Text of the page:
5 important things happening in South Africa today

Here’s what is happening in and affecting South Africa today:

Coronavirus: Global Covid-19 infections have hit 174.7 million confirmed, with the death toll reaching 3.76 million. In South Africa, there have been 4,209 new cases, taking the total reported to 1,704,058. Deaths have reached 57,183 (+120), while recoveries have climbed to 1,587,015, leaving the country with a balance of 59,860 active cases. The total number of vaccines administered is 1,433,730 (+83,485).

Load shedding: Eskom announced that load shedding will continue at stage 2 until the end of the week. Starting 10h00 on Wednesday, and continuing until Sunday at 22h00.

  • Return to sender: Health minister Zweli Mkhize has been placed on special leave, and says he is accepting full responsibility for the ‘outrage’ surrounding his department’s ties to communication company, Digital Vibes, which scored a R150 million contract that has been found to be irregular. Investigations by the Daily Maverick uncovered the links between Digital Vibes and Mkhize, and also tracked funds and benefits that moved from the company to the minister’s family. Mkhize said that all the funds would be returned, adding that the relationship between his adult children and the company was inappropriate, but insisted there was no malice or intentional overstepping involved. [EWN]

  • NCCC: The National Coronavirus Command Council says it is concerned about the rising number of Covid cases in the country, noting that four provinces – the Northern Cape, North-West, Free State and Gauteng – are into a third wave of infections, with the Eastern Cape, KwaZulu-Natal and the Western Cape being closely monitored as cases there also increase at an alarming rate. The majority of cases are coming from Gauteng. While no recommendations are being made for harder lockdown restrictions yet, the council stressed that South Africans should go beyond the current regulations and avoid crowded places and continue wearing masks, social distancing and sanitising. [TimesLive]

  • PP: Speaker of Parliament Thandi Modise has hit back at Public Protector Busisiwe Mkhwebane’s arguments in court, as to why she cannot be removed from her position. Mkhwebane has argued that the rules to oust her were set up hastily, without a constitutional basis, and have incorrectly been applied retroactively in a bid to get her out of office. However, in responding submissions, Modise says that the process is rooted in section 194 of the Constitution, which lays out grounds for the removal of a Public Protector. She said that the panel set up to determine the path forward with the removal demonstrated Parliament’s caution. [Daily Maverick]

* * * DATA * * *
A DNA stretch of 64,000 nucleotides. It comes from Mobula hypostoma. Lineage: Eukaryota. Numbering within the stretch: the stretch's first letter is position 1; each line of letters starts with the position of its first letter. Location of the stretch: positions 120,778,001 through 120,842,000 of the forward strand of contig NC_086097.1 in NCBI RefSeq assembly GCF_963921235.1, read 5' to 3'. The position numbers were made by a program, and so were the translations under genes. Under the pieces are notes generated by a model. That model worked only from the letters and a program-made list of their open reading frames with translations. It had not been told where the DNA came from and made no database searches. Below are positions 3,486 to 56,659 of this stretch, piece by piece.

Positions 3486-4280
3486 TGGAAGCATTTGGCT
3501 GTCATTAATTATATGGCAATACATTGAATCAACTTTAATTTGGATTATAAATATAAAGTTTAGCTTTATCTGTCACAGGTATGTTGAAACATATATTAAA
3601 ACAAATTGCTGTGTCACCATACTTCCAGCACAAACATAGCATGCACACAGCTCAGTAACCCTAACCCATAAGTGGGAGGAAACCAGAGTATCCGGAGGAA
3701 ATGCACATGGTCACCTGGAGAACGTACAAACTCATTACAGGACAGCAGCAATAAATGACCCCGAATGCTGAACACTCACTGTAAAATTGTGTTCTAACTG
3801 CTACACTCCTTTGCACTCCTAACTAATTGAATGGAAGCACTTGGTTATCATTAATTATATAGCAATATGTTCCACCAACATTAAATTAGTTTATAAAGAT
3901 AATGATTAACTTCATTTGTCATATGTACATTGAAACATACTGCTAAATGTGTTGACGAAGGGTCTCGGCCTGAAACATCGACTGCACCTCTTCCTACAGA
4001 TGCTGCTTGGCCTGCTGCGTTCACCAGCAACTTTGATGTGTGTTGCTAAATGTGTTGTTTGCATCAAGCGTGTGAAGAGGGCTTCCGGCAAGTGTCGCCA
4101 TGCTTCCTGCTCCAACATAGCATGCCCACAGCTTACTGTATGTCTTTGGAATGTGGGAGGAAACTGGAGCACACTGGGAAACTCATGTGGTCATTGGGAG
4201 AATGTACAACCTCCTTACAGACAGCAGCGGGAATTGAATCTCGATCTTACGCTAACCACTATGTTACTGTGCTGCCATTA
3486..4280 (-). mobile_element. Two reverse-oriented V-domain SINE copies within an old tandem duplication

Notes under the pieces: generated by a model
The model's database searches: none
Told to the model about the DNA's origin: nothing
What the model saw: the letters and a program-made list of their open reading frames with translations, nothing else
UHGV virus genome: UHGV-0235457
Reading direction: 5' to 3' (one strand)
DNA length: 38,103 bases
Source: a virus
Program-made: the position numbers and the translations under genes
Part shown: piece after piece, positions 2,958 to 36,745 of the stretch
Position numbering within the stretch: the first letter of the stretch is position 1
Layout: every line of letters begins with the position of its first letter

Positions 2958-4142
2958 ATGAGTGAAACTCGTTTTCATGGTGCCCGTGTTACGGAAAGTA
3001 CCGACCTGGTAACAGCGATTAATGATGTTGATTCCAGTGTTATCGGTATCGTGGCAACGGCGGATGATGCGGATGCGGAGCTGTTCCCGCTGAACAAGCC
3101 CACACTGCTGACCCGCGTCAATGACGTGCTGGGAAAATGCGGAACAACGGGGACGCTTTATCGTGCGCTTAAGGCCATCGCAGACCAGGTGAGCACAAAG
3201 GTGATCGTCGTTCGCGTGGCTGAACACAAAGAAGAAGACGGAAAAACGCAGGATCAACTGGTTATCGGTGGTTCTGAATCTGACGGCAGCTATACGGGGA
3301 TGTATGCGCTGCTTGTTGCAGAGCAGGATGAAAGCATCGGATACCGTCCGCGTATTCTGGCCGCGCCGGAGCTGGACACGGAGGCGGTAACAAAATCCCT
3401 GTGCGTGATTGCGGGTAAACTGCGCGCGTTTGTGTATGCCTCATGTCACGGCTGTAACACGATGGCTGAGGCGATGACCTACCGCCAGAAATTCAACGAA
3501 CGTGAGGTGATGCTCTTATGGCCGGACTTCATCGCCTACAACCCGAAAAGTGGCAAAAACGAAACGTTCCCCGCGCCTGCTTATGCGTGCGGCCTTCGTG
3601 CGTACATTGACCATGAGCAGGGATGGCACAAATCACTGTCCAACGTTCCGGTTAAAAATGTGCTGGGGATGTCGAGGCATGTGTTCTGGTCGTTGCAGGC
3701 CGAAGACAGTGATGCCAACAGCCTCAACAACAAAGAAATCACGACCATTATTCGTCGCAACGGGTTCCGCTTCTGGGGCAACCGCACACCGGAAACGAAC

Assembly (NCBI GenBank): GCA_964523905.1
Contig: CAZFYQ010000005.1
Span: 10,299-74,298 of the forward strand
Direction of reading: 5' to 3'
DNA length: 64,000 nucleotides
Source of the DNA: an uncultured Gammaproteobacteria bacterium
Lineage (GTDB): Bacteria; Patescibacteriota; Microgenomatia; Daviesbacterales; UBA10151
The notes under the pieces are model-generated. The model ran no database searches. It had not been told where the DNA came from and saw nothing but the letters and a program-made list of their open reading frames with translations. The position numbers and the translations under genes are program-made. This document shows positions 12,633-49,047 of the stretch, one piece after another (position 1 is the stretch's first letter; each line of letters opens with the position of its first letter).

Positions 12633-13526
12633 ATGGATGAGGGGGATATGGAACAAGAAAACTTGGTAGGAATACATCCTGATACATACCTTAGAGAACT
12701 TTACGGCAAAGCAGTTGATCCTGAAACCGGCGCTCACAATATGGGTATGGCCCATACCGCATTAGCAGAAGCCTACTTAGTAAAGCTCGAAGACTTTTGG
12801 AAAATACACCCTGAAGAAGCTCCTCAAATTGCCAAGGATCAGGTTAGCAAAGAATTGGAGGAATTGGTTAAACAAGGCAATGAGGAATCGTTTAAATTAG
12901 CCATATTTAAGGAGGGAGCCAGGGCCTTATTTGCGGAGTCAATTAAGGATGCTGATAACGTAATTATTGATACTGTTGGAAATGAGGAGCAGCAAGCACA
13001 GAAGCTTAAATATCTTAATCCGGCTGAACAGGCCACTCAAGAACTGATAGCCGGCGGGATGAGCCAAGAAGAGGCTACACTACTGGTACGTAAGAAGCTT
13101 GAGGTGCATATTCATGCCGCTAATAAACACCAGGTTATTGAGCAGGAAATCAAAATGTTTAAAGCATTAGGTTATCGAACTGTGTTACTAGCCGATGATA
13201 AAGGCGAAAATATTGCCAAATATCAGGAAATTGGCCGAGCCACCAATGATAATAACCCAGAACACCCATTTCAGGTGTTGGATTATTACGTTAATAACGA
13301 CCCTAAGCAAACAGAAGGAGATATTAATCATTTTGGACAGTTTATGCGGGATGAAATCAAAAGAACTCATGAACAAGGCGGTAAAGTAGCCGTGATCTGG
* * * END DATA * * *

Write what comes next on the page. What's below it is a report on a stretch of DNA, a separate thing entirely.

• No house: The ANC national working committee has reportedly confirmed the disbandment of the Umkhonto weSizwe Military Veterans Association and thrown its support behind a process of amalgamating it with the rival MK National Council. The two associations are split along factional lines within the ANC, with the MKVA most notoriously used as a base for supporters of Jacob Zuma and Ace Magashule, spearheaded by the controversial Carl Niehaus. The ANC resolved in 2018 that the two bodies be collapsed into one, but they have had an antagonistic relationship. The delay in resolving the issue has led to the disbandment. [Mail & Guardian]

  • Markets: The rand was unmoved by better than expected GDP numbers on Tuesday, though it remains in a relatively strong position, holding well below R14 to the dollar. The currency slipped ahead of the GDP numbers, walking back from two-year highs against the dollar. It has been riding the wave of demand for commodities and a softer dollar, joining other emerging markets in benefiting from a risk-on environment. The rand has been the best performing EM currency this year so far, and will likely alleviate some other pressures – particularly rising global oil prices, which threaten to hike the price of fuel. On Wednesday the rand is at R13.58/$, R16.54/€ and R19.22/£.

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5 important things happening in South Africa today